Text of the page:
The package was made up of letters, all bound together with string. The others looked at the pile and hooted, laughing. "Is it the long hair?" Monty demanded. "Or the general air of mystery? Look at that stack!"

Dumbfounded, Loki looked at them. "Those are all for me? From whom?"

"Well, I don't know that, do I?" Barnes returned. "A pile for the dashing captain, of course. Oh, look, more for you." He dropped more letters in front of Loki's place at the table.

"What are all these?" Loki repeated blankly and fingered the string on the pack of letters. "One might be from Birgitte, though she would likely send me a telegram, but there is no one else to send me a letter..."

"Probably admirers," Morita said. "We all get those."

"Not as many as some people," Barnes teased, dumping another pile of letters on Rogers' place. "You need help answering your fan mail, Captain? I'm sure we could all help you out."

Rogers rolled his eyes. "Gimme. I'll do it."

"Looking at that, I think we should keep a tally of marriage proposals," Duggan teased. "Looks like Lukas is giving you a run for your money, Captain."

"Marriage proposals? Don't be ridiculous." Loki opened one of the loose letters warily and scanned it, frowning at what he read. It actually was a marriage proposal. "Oh. But-- they know nothing about me. Why would they write this to me?"

"Because you're not ugly?" Duggan suggested, lifting his beer in salute, his bright blue eyes teasing.

"And you're single," Monty added. "Aren't you?"

"But-- why?" Loki stared at them, in consternation and confusion. And the entire table broke into laughter. Offended that they were laughing at him, he stood fast enough to knock the bench over, tipping Dernier and Jones backward, too. They smacked into the dirt, startled, and the rest laughed again.

Loki's hands clenched and he stalked away so he wouldn't put a dagger in all of them.

"Wait, Lukas!" Barnes called and started after him, but Loki was in no mood, tossing invisibility over himself as soon as he was around the corner between the tents. Barnes walked right past him between the tents, calling after him.

Loki went to the perimeter of camp and lit the letters on fire with a twist of seiðr, watching them burn with a dark satisfaction. I need no ignorant mortals pretending on acquaintance, their letters filled with lies and desperate pleas for attention. They should not even know I exist. That was a mistake.

"Lukas?" Barnes' voice came from behind him. Loki started, only then realizing he'd let the invisibility glamour fade. "Hey, they didn't mean any harm by it."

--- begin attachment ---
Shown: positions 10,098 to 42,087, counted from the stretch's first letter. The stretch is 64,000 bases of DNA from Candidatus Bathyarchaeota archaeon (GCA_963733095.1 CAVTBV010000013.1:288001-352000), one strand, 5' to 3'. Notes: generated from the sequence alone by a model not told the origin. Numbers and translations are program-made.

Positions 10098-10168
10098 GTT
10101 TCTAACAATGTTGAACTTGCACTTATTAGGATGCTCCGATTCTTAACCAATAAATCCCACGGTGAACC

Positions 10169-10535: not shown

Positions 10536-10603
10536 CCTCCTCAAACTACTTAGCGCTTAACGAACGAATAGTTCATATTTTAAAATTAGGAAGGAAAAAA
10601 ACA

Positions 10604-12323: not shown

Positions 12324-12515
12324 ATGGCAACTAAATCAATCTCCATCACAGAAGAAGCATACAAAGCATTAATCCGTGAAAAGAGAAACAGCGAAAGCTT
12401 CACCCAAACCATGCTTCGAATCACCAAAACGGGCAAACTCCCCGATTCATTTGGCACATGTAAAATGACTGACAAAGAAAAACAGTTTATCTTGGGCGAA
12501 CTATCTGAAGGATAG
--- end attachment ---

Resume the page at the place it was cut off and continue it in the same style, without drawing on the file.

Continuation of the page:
"I do not take well to mockery."

"I got that, but they were just poking a little fun. Admit it, your face was ridiculous. You know everything about everything, except the idea that some ladies in Britain might fall a little bit in love with you on the newsreels."

Loki still did not believe this was even happening. "That is the most absurd notion I have ever heard. And I have heard many."

"You must have seen the mail Steve was getting?"

"Well, yes, of course, but I assumed he had met many people in his travels…" Loki's voice trailed off since, on second thought, that had been a stupid thing to assume that all those letters represented actual acquaintances.

Barnes chuckled and shook his head. "Sometimes you're the most worldly person I've ever met, and sometimes you act like you were raised by reindeer."

"Reindeer?" Loki glanced at him sharply at that, thinking of Anna's husband. Kristoff reminded him of the stone troll colony - he should, when this was over, go check on them. They all had the brains of rocks, but they didn't deserve Nazi tanks to crush them either.

"You know, because you're from Arendelle?" Barnes explained, then rushed on when he saw Loki wasn't amused. "Anyway, when we get back to town, we'll have to take advantage of our hero status and find ourselves some dames, right? Might as well get some use out of it." Assuming the answer to be yes, Barnes slapped him on the shoulder and moved back toward camp.

No, I think not. I did that. I casually "found some dames". I found a lonely queen at a ball, and that resulted in more hurt than finding out the truth of my parentage. So I will leave the mortals to each other. No more mortal branches of my family tree.

But it was too late to stop the reporters and the newsreels, and every time he saw his photo in a paper or received another letter from a stranger, he knew it was another trail he was leaving for the future.

There was nothing to done about it now, except finish the task at hand - stop Schmidt and retrieve the tesseract. Each mission got them one step closer, even as he was frustrated that it wasn't over with already.

Finally, a new mission got them the closest they'd been, with a spy report that Zola himself was on a train. And since Zola would give them Schmidt, they went after him, with the most dangerous plan they'd come up with yet.